Friday, September 27, 2013

Interview with Diana Chua: how many unwanted companion animals are in Australia

Diana with a canine patient.
Diana Chua is a fifth year veterinary student at the University of Queensland – and teaches in Singapore during her holidays. She is a final year veterinary student who is passionate about animal welfare and is already busy making a difference in this field. She spoke at the Getting2Zero conference earlier this month about the scope of the problem of unwanted companion animals in Australia.

[And yes, SAT unashamedly supports efforts to reduce these numbers which is why we are featuring so many fantastic speakers from the G2Z summit!]

Tell us a bit about yourself? Who are you and what do you do?

I am currently a fifth year veterinary science student at the University of Queensland. I used to work as an education officer with the Ministry of Education in Singapore. Only 4 years ago, I made the decision to embark on this second degree in Veterinary Science, and thus left the service. However, I still teach whenever I return to Singapore during holidays.

You've had an interesting career. Why the change to veterinary science?

I have always wanted to be a vet. I think a veterinarian is what most children aspire to be (well, the 7 year old kids I have spoken to listed it as their ambition ) and I was no exception. Unfortunately, I did not have the opportunity to pursue my dream then, though I was involved in shelter work back in Singapore. I worked on integrating shelter awareness in education by directing a post exam programme for the children in my school, so as to create a sense of social responsibility and reinforce their belief that they can make a difference. Having been in education, I am well aware of the impact that education has on changing the mindset and values of our society. People do the things they do because it is all they know, so to change how they act on things, we have to change how they see things. When the opportunity to study arose, I leapt for it. I believe I can convey information better and leverage teachable moments if I am empowered with the knowledge to do so.

...and with a calf.
You're a final year student, but you've been involved in extracurricular activities throughout your degree. Can you tell us a bit about some of those?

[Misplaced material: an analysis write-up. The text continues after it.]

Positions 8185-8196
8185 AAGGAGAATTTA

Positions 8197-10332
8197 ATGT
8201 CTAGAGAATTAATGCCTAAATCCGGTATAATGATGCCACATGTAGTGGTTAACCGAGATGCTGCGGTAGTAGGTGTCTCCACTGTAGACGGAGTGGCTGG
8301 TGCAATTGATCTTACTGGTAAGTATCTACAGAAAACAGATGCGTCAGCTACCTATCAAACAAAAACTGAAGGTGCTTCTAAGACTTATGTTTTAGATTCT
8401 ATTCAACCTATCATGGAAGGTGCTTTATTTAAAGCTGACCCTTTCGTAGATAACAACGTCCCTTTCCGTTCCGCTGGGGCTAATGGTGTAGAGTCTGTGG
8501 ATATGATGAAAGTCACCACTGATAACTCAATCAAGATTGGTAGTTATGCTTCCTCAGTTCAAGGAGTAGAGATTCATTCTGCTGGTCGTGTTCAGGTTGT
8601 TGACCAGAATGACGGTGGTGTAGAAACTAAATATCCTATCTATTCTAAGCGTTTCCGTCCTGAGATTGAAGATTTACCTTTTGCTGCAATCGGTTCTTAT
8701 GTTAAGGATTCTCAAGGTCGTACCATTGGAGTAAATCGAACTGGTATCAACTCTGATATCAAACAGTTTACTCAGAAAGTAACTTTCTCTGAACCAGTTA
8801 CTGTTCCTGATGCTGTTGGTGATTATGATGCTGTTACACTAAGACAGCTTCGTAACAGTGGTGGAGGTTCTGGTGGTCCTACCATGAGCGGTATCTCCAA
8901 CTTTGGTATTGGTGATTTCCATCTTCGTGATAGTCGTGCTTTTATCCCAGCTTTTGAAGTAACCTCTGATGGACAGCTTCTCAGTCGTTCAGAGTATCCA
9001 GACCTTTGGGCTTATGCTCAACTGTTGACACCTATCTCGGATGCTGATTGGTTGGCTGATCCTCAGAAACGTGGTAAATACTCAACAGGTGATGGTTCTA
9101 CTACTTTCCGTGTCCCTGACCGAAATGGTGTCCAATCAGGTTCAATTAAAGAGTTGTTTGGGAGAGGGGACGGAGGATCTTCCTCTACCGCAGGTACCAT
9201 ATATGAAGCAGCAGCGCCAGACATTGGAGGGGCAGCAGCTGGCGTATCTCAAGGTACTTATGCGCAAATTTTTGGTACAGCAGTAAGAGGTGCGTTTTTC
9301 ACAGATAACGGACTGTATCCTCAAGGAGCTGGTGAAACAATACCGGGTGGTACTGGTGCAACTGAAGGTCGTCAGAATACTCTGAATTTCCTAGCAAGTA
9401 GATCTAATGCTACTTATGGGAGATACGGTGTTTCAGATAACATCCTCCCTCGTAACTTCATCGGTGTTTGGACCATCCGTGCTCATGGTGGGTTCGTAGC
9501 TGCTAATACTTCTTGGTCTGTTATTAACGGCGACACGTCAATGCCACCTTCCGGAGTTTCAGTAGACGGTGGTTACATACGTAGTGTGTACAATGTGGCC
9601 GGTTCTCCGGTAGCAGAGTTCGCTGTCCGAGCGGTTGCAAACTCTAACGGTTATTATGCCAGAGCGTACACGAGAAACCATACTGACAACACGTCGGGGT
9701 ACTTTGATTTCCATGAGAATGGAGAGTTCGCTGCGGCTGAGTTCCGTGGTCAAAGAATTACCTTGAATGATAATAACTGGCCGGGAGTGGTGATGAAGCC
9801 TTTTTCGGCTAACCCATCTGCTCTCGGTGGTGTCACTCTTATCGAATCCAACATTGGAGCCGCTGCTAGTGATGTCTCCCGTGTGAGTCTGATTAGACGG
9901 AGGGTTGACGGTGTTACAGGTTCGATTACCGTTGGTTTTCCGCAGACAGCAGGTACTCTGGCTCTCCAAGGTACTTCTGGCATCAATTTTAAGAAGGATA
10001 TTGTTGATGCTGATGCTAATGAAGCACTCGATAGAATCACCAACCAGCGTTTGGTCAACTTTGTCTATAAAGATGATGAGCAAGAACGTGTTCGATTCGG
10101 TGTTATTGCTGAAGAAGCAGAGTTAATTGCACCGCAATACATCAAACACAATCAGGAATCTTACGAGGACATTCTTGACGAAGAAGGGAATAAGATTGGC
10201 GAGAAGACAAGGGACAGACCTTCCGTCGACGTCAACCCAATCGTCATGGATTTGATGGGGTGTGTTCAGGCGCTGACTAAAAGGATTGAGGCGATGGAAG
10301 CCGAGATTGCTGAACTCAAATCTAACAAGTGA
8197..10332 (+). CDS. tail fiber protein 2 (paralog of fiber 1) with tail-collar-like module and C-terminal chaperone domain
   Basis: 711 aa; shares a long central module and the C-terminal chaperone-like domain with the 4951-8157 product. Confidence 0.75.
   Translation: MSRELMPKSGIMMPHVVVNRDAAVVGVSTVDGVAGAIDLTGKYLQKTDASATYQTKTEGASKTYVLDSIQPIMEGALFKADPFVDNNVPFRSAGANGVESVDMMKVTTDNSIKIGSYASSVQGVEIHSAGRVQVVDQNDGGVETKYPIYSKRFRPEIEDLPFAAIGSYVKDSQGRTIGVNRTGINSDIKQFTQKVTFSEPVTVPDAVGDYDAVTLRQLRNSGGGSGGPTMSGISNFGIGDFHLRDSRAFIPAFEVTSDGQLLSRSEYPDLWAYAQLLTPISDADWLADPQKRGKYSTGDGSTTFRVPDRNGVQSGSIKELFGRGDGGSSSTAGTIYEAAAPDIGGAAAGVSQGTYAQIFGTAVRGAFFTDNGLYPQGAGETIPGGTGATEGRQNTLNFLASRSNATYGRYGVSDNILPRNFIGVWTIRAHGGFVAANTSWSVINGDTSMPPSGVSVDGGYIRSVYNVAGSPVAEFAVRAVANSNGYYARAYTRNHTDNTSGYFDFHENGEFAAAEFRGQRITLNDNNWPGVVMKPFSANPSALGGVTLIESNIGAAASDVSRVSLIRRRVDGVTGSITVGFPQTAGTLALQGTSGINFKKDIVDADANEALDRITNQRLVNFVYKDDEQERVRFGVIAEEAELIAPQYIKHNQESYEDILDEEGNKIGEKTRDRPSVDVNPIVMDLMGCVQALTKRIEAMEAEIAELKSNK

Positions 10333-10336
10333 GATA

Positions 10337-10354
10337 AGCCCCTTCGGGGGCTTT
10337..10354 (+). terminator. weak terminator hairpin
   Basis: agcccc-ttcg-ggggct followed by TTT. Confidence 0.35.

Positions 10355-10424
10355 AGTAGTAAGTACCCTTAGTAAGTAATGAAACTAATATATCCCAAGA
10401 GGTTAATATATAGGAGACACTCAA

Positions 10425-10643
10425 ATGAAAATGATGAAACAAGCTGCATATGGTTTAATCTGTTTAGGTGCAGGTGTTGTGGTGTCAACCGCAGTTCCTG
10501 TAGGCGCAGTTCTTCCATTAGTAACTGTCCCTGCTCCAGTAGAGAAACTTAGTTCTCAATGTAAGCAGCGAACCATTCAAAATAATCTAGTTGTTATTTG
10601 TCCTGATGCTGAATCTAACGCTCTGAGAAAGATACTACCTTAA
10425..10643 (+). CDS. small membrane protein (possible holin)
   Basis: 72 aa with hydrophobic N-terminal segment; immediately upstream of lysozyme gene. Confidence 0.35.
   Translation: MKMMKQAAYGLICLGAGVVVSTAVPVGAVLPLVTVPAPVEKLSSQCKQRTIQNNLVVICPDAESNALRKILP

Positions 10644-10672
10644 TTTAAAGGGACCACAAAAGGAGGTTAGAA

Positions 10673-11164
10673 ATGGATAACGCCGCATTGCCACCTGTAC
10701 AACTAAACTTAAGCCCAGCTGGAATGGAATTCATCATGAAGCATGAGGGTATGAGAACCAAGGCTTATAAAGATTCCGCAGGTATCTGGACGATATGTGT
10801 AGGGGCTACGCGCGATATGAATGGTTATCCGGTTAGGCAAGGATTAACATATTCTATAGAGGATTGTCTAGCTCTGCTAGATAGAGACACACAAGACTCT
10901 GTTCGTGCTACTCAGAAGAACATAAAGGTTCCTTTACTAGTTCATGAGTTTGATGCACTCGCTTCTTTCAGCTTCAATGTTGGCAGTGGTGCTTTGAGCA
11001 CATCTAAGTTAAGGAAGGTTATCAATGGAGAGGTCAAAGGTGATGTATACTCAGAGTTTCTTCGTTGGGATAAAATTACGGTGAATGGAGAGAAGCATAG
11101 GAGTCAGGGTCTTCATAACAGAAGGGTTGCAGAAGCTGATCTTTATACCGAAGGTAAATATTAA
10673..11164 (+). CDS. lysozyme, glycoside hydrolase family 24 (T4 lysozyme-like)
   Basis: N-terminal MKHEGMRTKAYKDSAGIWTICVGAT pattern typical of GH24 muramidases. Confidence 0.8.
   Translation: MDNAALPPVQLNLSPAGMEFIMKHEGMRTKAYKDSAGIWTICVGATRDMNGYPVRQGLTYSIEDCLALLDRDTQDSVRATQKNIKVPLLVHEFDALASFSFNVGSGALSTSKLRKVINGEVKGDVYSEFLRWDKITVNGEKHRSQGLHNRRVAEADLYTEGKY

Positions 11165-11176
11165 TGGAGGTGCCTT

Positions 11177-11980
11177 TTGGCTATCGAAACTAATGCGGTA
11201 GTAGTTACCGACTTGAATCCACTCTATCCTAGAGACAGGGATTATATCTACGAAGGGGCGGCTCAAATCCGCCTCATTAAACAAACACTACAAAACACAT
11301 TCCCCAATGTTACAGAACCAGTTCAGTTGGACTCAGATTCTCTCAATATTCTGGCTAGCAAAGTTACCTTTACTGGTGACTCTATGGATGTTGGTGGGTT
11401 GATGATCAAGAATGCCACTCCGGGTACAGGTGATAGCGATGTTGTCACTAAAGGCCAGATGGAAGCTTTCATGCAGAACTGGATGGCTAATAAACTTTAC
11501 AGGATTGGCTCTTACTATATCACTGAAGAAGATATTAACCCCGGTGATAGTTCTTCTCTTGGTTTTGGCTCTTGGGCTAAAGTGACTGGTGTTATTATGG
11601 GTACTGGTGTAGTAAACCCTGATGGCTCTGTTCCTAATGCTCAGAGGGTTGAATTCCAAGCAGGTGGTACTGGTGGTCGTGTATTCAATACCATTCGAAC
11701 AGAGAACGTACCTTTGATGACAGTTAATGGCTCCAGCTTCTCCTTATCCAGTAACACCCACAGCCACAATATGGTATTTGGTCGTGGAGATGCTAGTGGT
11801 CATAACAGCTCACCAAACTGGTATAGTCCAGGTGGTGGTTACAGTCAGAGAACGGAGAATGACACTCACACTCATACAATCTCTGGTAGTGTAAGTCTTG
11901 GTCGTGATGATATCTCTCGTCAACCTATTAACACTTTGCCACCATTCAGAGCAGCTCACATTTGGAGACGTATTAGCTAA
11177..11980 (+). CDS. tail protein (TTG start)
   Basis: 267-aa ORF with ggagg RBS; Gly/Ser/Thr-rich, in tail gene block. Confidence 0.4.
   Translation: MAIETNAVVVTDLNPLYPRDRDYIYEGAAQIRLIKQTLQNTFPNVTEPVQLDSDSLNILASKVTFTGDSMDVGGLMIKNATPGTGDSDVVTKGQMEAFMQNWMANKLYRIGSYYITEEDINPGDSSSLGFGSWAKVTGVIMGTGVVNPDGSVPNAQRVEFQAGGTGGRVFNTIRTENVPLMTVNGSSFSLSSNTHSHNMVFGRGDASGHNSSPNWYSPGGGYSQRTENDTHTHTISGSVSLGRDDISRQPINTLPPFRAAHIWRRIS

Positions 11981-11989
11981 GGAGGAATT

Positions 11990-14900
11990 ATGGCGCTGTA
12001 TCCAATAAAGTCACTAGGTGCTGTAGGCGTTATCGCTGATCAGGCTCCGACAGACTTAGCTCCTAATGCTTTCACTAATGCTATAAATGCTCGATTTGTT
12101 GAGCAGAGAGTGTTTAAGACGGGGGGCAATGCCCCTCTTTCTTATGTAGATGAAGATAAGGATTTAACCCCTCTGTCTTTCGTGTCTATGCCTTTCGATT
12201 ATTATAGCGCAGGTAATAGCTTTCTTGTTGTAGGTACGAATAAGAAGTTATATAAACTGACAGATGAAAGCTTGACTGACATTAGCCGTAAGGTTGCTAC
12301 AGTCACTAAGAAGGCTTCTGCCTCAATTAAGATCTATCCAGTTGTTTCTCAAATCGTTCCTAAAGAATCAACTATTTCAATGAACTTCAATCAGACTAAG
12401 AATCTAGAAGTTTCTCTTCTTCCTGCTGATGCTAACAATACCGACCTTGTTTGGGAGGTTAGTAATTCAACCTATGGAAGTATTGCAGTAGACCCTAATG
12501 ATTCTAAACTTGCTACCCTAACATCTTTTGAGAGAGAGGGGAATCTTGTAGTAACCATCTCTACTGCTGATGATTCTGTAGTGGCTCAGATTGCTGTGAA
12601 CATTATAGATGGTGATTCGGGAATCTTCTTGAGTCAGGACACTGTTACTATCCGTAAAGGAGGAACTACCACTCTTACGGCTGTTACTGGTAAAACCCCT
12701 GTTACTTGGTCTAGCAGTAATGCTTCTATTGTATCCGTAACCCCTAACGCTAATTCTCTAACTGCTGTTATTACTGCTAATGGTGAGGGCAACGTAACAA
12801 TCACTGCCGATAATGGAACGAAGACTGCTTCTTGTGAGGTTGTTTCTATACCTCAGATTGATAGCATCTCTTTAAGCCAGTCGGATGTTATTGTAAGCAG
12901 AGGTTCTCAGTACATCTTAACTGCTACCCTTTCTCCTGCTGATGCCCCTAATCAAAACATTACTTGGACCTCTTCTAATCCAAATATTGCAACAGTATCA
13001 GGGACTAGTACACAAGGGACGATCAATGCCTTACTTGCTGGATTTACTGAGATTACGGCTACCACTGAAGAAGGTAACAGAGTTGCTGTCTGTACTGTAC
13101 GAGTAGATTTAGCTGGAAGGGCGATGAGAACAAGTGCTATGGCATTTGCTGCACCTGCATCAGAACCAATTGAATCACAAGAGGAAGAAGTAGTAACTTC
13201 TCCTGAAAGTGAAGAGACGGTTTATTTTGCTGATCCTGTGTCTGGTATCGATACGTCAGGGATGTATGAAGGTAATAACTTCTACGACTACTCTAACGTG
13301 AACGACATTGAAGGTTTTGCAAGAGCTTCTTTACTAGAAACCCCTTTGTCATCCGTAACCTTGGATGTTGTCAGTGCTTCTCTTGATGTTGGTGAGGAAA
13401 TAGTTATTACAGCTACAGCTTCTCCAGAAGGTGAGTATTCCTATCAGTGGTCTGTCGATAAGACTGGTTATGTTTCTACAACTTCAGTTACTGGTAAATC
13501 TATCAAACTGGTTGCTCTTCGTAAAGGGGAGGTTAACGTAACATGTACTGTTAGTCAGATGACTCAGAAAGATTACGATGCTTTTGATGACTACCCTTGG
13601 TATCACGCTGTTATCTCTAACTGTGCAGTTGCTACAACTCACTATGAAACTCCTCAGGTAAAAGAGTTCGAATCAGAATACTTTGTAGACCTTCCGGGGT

I have joined a number of special interests groups, such as Small Animals Medicine and Surgery and the Wildlife Association. One particular group that I was actively involved in, as a secretary and then as a treasurer the second year, was Veterinary Integrative Medicine. This group is involved in holistic veterinary medicine. This means looking at animal health as a whole - physical health, mental health (via enrichment and quality of life ) and rehabilitation therapy ( physiotherapy, chiropractic therapy, acupuncture ). I believe that veterinary science is very much like teaching - we do not want to encourage just academic excellence, it is equally important to nurture the other aspects of development - values, life skills and interpersonal skills.

Do you have any animals of your own?

I have owned dogs all my life, and mice, rats, gerbils, hamsters, quails. The pocket pets were owned jointly by my class children and myself; the kids were excellent care- givers, I must say. I took a backseat and advised accordingly, but the children took ownership of those class pets. Personally, I have had a shih tzu terrier x pomeranian, a Maltese ( my mom's dog ), a dachshund x JRT and a miniature pinscher x JRT. I do love JRT. They have such big characters despite their small statures.

At the Getting to Zero Summit you talked about the magnitude of the unwanted pet problem in Australia - do we know how many unwanted dogs and cats are processed through pounds each year?
What are the challenges in quantifying this problem?